Dampney, R. (2002, April 1). Central Mechanisms Underlying Short‐ And Long‐Term Regulation Of The Cardiovascular System. Wiley Online Library.

Dinh, Q. N. (2014, July 20). Roles of Inflammation, Oxidative Stress, and Vascular Dysfunction in Hypertension. Hindawi.

Ferrari, R. (2013, November 1). RAAS inhibition and mortality in hypertension. PubMed.

Leptin. (2018, November 1). Hormone Health Network.


Peer 2


Week 4 Initial Response

A human being can develop medical conditions that can be detrimental to the body. One of these conditions is called hypertension. Hypertension is defined as an increased systemic arterial pressure that remains consistently 140/90 (McCance & Huether, 2018). There are different types of hypertension a patient can experience. One type is primary or essential hypertension that has no known cause (McCance & Huether, 2018). The other two types of hypertension are called secondary and complicated hypertension. Secondary hypertension is typically caused by another condition such are kidney disease (McCance & Huether, 2018). Complicated hypertension is diagnosed after the patient has had a history of hypertension, but the condition is now causing damage to the systemic blood vessels (McCance & Huether, 2018).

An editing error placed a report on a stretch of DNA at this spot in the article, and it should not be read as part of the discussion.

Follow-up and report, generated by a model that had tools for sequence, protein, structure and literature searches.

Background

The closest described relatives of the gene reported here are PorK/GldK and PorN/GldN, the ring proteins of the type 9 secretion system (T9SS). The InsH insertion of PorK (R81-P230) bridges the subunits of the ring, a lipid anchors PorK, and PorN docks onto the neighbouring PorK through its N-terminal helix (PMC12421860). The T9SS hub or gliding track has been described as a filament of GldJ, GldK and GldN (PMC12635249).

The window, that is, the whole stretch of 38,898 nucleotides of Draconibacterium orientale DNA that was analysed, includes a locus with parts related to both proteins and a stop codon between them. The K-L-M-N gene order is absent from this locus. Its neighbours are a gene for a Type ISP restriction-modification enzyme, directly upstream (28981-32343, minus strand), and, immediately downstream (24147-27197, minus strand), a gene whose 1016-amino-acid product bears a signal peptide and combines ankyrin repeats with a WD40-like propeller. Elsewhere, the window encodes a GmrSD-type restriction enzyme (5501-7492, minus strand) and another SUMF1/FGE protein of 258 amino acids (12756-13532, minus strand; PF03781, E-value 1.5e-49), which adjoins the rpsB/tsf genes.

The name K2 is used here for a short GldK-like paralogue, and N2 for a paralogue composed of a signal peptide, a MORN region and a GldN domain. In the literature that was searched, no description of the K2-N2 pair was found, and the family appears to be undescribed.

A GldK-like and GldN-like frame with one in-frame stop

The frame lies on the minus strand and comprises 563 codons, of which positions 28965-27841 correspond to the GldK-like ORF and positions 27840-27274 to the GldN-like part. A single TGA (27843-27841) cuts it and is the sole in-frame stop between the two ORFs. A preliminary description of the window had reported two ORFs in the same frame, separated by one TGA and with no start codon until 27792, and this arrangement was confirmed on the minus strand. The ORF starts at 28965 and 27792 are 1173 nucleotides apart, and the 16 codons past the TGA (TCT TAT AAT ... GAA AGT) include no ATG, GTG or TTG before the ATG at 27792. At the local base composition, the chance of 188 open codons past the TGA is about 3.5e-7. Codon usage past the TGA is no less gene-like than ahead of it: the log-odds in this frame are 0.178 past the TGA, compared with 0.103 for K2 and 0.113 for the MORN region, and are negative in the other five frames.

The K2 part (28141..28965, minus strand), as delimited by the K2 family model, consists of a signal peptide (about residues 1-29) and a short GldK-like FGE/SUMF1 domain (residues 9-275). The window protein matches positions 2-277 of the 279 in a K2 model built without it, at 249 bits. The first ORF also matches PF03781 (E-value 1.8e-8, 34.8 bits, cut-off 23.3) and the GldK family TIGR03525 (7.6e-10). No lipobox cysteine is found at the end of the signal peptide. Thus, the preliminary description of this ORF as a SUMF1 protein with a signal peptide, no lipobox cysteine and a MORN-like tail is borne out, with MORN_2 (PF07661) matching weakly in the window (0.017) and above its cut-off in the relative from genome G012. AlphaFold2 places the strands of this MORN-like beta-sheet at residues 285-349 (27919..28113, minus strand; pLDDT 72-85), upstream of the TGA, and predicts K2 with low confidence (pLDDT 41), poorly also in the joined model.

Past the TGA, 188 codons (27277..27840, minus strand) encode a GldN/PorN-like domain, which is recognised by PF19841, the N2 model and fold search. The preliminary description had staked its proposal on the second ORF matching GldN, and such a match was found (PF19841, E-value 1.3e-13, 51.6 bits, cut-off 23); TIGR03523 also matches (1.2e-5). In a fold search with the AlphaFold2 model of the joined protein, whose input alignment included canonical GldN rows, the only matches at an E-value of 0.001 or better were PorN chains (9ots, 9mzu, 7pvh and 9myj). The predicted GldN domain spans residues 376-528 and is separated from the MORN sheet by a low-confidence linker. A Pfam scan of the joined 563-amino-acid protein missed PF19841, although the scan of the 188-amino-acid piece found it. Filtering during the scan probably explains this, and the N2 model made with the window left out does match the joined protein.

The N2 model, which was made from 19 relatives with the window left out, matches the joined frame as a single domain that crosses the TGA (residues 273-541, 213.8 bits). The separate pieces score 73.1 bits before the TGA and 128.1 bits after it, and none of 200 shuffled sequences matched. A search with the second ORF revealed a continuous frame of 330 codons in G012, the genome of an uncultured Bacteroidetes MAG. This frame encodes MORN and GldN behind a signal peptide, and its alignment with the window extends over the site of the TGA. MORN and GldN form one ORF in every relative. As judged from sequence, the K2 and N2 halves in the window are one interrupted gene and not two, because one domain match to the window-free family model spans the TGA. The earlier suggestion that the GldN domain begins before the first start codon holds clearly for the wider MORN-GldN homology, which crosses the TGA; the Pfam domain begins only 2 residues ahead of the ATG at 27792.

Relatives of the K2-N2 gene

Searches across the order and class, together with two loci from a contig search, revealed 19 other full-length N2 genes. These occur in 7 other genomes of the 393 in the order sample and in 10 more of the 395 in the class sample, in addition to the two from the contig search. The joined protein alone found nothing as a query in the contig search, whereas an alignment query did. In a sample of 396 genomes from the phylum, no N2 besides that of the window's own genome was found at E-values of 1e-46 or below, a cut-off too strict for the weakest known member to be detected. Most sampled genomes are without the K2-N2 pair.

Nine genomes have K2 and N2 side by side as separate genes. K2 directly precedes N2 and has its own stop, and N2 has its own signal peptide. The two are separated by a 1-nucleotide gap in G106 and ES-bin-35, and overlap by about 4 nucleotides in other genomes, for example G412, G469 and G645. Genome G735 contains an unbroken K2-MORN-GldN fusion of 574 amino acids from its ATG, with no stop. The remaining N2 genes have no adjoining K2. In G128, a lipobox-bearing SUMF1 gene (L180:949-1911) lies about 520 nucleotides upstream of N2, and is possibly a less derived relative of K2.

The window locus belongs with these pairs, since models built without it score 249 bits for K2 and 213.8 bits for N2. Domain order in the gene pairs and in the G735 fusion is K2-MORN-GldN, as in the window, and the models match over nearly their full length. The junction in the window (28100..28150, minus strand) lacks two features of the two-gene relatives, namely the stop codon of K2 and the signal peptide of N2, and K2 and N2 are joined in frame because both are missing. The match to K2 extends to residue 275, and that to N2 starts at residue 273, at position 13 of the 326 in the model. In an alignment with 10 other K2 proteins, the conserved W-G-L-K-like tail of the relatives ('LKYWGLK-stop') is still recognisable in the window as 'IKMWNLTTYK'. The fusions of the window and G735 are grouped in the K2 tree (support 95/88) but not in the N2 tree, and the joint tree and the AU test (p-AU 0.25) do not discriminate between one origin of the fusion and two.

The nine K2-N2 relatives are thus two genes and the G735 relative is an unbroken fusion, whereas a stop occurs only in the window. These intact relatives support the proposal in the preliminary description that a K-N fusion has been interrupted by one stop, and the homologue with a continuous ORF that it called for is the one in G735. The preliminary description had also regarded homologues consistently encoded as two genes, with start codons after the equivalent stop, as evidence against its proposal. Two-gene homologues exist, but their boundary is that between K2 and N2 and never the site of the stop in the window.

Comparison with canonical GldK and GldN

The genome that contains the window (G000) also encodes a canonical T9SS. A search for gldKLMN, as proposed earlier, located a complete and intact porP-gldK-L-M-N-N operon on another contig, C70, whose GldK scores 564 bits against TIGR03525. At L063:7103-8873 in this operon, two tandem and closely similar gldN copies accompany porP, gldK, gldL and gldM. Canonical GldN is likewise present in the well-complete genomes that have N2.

The pathophysiology of hypertension is correlated by changes in the cardiovascular system. Hypertension occurs when cardiac output and/or total peripheral resistance increase in the body (McCance & Huether, 2018). These changes can be related to several factors physiologic factors that occur within the body. With primary hypertension inflammation, insulin resistance, and mechanisms in the sympathetic nervous sytem (McCance & Huether, 2018).

Hypertension can be managed in several ways. Diet, medication, and exercise have been shown to be effective in managing hypertension (Delavar et al., 2020). However, many people with hypertension have poor management of their condition. According to one article uncontrolled hypertension is typically a result of poor adherence to the medication regimen (Delavar et al., 2020).

Primary Hypertension and the Sympathetic Nervous System